Lack of Medical Attention While Incarcerated
Mark Law Firm: Civil Rights Lawyers in Bound Brook and Somerville, New Jersey.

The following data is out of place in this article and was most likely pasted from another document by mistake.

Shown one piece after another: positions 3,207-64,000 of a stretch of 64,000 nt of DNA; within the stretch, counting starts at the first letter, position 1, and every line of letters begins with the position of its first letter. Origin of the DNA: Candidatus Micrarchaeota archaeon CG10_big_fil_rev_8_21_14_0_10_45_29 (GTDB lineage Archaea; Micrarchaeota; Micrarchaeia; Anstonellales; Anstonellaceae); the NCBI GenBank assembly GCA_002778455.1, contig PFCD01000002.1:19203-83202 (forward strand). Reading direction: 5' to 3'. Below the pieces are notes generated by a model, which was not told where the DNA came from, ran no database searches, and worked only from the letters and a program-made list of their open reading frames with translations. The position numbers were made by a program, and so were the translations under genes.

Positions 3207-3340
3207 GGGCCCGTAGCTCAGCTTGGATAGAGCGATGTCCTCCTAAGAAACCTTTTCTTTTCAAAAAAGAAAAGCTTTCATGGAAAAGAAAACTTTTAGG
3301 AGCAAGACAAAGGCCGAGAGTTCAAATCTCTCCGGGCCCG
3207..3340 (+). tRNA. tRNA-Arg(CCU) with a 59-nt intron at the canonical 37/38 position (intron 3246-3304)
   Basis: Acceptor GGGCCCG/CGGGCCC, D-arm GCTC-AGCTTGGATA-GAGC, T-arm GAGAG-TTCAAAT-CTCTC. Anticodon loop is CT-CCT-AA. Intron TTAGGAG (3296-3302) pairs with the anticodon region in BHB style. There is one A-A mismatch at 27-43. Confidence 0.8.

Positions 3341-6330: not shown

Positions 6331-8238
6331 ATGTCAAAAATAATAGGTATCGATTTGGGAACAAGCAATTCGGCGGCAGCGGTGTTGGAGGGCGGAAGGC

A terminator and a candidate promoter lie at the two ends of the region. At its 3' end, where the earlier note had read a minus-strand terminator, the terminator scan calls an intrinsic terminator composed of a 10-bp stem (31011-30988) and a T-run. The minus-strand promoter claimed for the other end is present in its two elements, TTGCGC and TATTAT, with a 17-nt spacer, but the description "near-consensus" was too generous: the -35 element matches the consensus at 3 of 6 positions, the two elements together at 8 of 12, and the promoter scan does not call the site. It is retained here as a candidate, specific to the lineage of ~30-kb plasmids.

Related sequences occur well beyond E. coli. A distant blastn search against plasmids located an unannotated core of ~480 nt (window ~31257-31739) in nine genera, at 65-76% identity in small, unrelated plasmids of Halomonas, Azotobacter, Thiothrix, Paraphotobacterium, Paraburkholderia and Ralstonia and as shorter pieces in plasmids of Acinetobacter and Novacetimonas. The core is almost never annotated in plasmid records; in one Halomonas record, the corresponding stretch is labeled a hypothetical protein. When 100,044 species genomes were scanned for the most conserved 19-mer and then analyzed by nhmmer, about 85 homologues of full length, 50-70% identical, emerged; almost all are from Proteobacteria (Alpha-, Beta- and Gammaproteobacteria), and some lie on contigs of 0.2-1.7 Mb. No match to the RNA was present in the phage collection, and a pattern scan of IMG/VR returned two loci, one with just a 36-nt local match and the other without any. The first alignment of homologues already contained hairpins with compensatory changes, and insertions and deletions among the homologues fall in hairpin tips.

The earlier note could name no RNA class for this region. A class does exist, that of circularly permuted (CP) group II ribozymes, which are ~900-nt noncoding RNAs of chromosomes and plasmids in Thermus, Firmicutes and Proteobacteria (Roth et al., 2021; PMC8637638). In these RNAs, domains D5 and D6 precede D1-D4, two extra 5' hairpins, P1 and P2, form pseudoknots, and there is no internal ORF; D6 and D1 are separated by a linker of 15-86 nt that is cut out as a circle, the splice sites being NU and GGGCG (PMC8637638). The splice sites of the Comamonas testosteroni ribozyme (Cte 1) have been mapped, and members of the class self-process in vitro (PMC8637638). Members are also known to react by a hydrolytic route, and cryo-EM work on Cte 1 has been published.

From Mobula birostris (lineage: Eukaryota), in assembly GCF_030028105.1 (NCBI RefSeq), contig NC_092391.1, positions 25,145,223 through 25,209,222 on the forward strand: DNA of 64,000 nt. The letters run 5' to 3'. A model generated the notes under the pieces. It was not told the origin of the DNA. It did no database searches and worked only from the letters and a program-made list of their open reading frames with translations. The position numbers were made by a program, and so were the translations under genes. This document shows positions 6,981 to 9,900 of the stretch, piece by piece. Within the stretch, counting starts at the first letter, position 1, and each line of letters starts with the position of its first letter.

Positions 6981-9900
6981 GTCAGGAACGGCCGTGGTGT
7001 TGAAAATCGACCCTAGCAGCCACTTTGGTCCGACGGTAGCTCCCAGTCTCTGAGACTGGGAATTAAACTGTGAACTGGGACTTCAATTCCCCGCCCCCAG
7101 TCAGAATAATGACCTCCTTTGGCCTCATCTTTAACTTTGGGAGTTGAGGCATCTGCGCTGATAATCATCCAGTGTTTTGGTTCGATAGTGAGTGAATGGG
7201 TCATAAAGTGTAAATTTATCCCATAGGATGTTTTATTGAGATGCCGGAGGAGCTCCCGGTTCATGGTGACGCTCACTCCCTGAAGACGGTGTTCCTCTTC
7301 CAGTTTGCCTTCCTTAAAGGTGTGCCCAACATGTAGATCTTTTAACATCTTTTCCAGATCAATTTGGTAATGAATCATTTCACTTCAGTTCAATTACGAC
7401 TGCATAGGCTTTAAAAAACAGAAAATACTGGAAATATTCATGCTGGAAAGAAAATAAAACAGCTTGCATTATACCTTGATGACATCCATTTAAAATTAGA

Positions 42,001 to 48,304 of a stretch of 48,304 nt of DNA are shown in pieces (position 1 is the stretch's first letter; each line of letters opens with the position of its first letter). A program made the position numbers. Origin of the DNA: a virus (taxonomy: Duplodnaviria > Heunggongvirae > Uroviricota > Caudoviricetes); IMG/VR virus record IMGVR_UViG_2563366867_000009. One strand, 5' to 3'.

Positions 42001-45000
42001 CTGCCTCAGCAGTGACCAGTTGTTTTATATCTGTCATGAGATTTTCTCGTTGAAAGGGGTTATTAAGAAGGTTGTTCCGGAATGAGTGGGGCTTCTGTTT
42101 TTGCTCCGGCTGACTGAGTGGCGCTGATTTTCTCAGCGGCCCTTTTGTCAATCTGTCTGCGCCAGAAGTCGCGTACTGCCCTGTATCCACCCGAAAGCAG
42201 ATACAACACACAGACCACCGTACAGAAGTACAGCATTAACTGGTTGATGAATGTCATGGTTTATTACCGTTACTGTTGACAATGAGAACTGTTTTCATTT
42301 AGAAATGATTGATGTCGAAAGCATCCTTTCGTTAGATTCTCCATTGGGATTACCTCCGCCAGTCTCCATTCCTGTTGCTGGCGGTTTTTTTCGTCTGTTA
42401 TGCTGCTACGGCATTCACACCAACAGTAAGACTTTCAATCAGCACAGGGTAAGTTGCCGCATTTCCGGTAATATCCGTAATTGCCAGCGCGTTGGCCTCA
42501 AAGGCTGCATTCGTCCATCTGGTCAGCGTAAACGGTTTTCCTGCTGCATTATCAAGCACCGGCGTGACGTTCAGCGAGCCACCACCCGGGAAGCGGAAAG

Pretrial detainees are protected by the Due Process Clause of the Fourteenth Amendment and convicted prisoners are protected by the Eighth Amendment. See Bell v. Wolfish, 441 U.S. 520, 535, n. 16, 545 (1979). However, the Court of Appeals for the Third Circuit has analyzed pretrial detainee medical care claims utilizing the Eighth Amendment standard. See Hubbard v. Taylor, 399 F.3d 150, 166 n. 22 (3d Cir. 2005); Natale v. Camden County Correctional Facility, 318 F.3d 575, 581-82 (3d Cir. 2003); Sylvester v. City of Newark, 120 Fed. Appx. 419 (3d Cir. 2005). The Eighth Amendment proscription against cruel and unusual punishment requires that prison officials provide inmates with adequate medical care. See Estelle v. Gamble,429 U.S. 97, 103-04 (1976). In order to set forth a cognizable claim for a violation of his right to adequate medical care, an inmate must allege: (1) a serious medical need; and (2) behavior on the part of prison officials that constitutes deliberate indifference to that need. See id. at 106. In order to assert a civil rights violation based upon a medical care claim an individual must be identified, there also must a serious medical claim, deliberate indifference on behalf of the facility officials. See Rode v. Dellarciprete, 845 F.2d 1195, 1207 (3d Cir. 1988).
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